afford top of the line research tools, law schools would go a long way
towards improving the quality of law for those in lower income brackets.

I’d like to put together a collection of law libraries or other
libraries with great benefits, like free LEXIS or photocopying or
anything else that a solo might find useful.  Send me your tips in
comments below.

  • Mike Adams

    Penrose public library in Colorado Springs, Colorado houses a fairly decent law library, which is funded in great part by our local bar association. The library offers free Westlaw and Versus Law access, a decent collection of basic treatises, and a good collection of our state’s CLE publications. The library, along with West, provides periodic Westlaw training to attorneys and the public.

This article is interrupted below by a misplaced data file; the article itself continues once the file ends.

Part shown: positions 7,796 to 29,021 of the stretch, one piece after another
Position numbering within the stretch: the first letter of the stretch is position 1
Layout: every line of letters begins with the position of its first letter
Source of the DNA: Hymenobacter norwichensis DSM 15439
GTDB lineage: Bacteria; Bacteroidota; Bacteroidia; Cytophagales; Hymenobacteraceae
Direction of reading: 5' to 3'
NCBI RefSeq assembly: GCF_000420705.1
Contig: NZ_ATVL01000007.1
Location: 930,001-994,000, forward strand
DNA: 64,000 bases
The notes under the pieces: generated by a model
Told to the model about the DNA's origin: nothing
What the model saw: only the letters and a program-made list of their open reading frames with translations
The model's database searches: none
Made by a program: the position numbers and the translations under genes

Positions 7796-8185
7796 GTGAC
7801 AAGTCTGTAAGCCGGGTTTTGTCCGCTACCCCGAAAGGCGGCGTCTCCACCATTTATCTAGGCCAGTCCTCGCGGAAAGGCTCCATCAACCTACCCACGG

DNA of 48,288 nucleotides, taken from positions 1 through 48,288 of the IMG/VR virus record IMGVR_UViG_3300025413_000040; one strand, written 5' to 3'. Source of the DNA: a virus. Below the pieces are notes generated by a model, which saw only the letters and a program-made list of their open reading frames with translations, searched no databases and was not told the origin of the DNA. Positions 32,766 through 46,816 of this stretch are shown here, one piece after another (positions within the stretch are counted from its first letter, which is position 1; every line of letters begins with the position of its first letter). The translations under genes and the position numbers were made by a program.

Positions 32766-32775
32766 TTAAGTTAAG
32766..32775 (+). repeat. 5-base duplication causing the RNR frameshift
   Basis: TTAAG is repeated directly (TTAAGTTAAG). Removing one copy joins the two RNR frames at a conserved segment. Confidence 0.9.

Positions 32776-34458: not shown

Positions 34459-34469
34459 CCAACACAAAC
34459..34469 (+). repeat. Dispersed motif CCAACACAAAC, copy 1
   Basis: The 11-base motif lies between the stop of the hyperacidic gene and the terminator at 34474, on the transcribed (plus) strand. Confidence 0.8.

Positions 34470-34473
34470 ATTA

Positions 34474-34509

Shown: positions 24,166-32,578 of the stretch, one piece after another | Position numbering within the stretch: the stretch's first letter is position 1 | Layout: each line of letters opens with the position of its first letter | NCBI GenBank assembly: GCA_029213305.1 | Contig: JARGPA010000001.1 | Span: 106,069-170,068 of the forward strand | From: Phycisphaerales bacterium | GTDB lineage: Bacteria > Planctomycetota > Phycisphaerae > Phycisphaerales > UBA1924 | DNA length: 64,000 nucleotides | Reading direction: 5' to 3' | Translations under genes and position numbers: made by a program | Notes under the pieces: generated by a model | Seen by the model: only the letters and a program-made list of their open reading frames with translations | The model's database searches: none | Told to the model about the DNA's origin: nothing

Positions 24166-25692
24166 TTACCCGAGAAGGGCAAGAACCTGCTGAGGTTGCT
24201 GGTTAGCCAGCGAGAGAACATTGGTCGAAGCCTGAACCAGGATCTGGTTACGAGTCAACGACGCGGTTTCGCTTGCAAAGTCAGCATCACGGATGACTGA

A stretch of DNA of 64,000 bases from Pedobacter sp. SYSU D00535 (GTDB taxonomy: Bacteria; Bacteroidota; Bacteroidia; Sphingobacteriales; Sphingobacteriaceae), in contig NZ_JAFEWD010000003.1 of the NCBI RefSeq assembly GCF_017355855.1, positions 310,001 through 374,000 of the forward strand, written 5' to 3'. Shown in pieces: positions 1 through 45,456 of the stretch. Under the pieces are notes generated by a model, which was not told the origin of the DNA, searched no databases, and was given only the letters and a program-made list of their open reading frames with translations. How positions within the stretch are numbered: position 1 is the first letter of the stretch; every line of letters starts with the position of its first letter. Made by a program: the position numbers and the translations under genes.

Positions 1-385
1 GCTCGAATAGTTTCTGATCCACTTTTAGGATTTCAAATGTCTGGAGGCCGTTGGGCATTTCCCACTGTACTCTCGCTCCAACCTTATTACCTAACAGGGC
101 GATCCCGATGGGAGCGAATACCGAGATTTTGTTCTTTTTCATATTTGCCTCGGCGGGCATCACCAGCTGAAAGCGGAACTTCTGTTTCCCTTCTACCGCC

• Mike Adams

    Penrose public library in Colorado Springs, Colorado houses a fairly decent law library, which is funded in great part by our local bar association. The library offers free Westlaw and Versus Law access, a decent collection of basic treatises, and a good collection of our state’s CLE publications. The library, along with West, provides periodic Westlaw training to attorneys and the public.

  • http://www.co.beaver.pa.us/lawlibrary Bette Dengel

    The Beaver County Law Library (Beaver, PA) runs a Pro Se Center featuring child custody forms, expungement forms, driver license suspension appeal forms (all compiled by the Court) and a user-friendly website geared for both Pro Se and attorneys. Pro Se patrons are welcome and assisted by a professional law librarian. Copies are kept a minimal dime a page. The library has a well rounded collection of both print and online resources for Pennsylvania practice.

  • http://www.co.beaver.pa.us/lawlibrary Bette Dengel